Circelli, SCOR: Alternative sources of capital are very important
in our capital planning. SCOR is an active issuer of insurancelinked securities. In 2013 SCOR issued a mortality bond providing the Group with $180m protection against extreme mortality
events in the US. In addition, we are a regular issuer of national
catastrophe bonds. Over the last few years we have also established
our own nat cat fund in SCOR Global Investments, called Atropos.
This fund is open to third parties and allows investors to invest
in the reinsurance business through a financial instrument (i.e.
Luxembourg SICAV SIF). Through our extensive experience and
knowledge of the sector, these funds provide very attractive investment opportunities.
In addition, we are always exploring new, innovative capital
sources. In December last year we announced an innovative and
cost-efficient three year contingent capital facility, which takes the
form of a guaranteed equity line, providing the Group with Eu200m
coverage in case of extreme natural catastrophe or life events.
Elbarhdadi, S&P: We have argued that insurance linked securities (ILS) will continue to be a complementary product for traditional reinsurers, for example on the property catastrophe market.
The growth of such an asset class is very much dependent on
macroeconomic conditions, and it is confined to certain risk. For
example, the historically low interest rates we were mentioning
earlier had an impact on this market, with investors turning to this
kind of asset class for the higher returns it provides in comparison to more traditional asset classes that suffer from low interest
rates. If the situation were to revert back to higher interest rates,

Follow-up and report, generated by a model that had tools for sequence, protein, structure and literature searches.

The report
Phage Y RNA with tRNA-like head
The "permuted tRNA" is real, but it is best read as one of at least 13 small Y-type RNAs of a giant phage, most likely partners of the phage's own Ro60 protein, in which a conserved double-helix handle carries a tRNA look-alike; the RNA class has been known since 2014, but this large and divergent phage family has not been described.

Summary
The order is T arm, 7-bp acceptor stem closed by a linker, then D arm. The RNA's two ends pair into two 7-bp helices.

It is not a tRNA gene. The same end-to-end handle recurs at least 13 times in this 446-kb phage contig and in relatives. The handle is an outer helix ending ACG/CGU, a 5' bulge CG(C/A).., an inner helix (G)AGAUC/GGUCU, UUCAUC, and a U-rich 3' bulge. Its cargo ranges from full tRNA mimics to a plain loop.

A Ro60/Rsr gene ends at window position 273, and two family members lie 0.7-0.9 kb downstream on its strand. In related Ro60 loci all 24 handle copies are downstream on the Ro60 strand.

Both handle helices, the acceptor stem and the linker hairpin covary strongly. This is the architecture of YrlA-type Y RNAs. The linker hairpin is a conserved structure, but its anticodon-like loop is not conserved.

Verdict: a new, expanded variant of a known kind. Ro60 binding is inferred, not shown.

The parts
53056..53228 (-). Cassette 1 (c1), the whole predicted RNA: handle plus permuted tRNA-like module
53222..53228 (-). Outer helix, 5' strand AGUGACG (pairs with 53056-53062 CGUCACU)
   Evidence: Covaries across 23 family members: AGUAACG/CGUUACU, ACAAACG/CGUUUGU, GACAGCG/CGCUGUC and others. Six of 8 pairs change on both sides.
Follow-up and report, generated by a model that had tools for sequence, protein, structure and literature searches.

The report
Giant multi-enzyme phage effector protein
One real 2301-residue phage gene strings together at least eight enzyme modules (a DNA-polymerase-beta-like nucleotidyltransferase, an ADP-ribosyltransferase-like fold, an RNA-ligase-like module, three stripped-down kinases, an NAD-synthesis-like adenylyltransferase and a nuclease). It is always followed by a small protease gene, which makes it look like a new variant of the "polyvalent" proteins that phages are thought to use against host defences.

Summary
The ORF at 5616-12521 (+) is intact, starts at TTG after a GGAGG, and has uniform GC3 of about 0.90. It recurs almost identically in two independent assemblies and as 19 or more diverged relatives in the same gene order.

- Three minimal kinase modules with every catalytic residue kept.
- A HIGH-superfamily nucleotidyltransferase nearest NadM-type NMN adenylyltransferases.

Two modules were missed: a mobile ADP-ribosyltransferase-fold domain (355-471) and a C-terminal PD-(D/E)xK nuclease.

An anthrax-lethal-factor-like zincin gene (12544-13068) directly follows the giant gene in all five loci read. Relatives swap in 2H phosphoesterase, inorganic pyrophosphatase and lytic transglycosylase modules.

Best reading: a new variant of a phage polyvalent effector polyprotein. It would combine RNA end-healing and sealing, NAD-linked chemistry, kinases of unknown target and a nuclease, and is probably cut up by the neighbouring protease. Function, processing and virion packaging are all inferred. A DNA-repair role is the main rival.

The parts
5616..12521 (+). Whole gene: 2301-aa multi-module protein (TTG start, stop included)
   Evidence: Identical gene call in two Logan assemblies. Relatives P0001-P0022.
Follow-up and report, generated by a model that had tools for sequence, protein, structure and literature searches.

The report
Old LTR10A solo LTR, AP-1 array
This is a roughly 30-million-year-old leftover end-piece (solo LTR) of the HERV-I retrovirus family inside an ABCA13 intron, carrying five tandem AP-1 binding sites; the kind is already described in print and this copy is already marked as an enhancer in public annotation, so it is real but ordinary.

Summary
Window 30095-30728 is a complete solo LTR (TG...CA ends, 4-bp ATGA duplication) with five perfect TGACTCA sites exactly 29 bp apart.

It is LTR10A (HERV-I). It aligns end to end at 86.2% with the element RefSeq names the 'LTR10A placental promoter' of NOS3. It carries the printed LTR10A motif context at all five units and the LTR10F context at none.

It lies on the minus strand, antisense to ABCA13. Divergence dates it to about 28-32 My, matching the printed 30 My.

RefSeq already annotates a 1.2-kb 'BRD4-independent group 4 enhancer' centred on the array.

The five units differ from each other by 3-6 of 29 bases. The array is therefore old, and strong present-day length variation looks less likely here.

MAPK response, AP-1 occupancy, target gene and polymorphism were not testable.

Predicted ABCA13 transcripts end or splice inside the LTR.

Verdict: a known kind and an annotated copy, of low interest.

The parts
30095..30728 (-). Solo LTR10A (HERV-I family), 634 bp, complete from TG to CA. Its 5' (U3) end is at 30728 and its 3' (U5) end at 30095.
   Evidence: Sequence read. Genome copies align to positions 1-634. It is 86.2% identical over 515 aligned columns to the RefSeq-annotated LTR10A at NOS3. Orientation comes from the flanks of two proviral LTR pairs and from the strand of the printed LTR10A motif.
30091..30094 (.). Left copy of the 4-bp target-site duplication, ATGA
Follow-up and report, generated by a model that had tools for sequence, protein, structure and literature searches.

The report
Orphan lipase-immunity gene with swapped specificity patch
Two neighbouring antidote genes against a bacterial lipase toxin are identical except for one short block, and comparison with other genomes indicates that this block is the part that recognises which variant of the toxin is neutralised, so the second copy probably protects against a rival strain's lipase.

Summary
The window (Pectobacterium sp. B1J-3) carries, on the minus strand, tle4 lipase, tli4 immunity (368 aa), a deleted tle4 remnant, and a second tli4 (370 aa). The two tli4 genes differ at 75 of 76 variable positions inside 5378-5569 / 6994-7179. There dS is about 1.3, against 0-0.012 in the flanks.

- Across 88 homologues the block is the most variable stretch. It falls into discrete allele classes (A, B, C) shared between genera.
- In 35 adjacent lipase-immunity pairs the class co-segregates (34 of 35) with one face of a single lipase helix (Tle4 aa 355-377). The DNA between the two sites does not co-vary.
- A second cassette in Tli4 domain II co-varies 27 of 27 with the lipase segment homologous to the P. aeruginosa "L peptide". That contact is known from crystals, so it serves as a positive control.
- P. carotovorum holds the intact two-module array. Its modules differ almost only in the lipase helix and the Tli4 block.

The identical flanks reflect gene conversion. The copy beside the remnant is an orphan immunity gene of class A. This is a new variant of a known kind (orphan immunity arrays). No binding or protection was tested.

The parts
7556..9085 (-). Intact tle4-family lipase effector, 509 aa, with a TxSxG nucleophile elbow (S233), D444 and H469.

investors’ behaviour might change and perhaps focus on more traditional asset classes, which could result in declining volumes for
asset classes such as catastrophe bonds.
The new class of Tier 3 is introduced under Solvency II.
How much clarity is there on what role this will play?
Benyaya, CACIB: Tier 3 is a fairly new concept in the insurance
sector because it did not exist in the Solvency I text, where we had
only dated and undated formats. Tier 3 is in essence short dated
sub debt with deferral language in relation to compliance with the
MCR. The capacity for Tier 3 items in the overall Solvency II capital structure will be limited to 15% of the SCR, according to the
latest draft Level 2 text, but for some insurance companies it could
make sense to look at this capacity, most notably to manage the
interest coverage ratio. This measure is under pressure and it’s fair
to assume that Tier 3 items will probably be less expensive, so for
some companies it could make sense to look at this bucket in the
overall capital structure.
Have insurers been active in the capital markets recently
with related issuance and how do you anticipate your activity in 2014?
Bala, Generali: We were active in the subordinated euro market in 2012 with two Solvency II-compliant Tier 2 30 non-call 10
bonds: the first, in July, for refinancing purposes and the second,
in December, whose proceeds were used to purchase minorities
stakes in our CEE markets.
We decided to elect for the 30 non-call 10 structure in consideration of its “well known” and established structure in the euro
market. Both the order books were characterised by a high degree
of geographical diversification and with the domination of real
money investors which contributed to the success of the deal.
Regarding our funding strategies for 2014, we already issued
on 7 January a senior bond to refinance part of our total maturing senior bonds (Eu2.25bn). The issuance, for a total amount of
Eu1.25bn, was a six year senior unsecured transaction. The deal
was very satisfactory, both in terms of cost for the issuer, with a
yield below 3%, and in terms of investor participation, with an order book amounting to Eu9.4bn from high quality investors.
Hertel, Talanx: The last subordinated bond issue was successfully
concluded in the year 2012. By 2015 three of the Group’s subordinated bonds will have reached their first call dates. We will need
to assess to what extent recapitalisation is going to be necessary.
The current capital position of the Group is comfortable, so additional capital issues might be driven more by new investments of
the Group in future.
Circelli, SCOR: Our new three year strategic plan, “Optimal Dynamics”, which was presented to our stakeholders in September
2013, includes no external equity or debt funding. On top of this,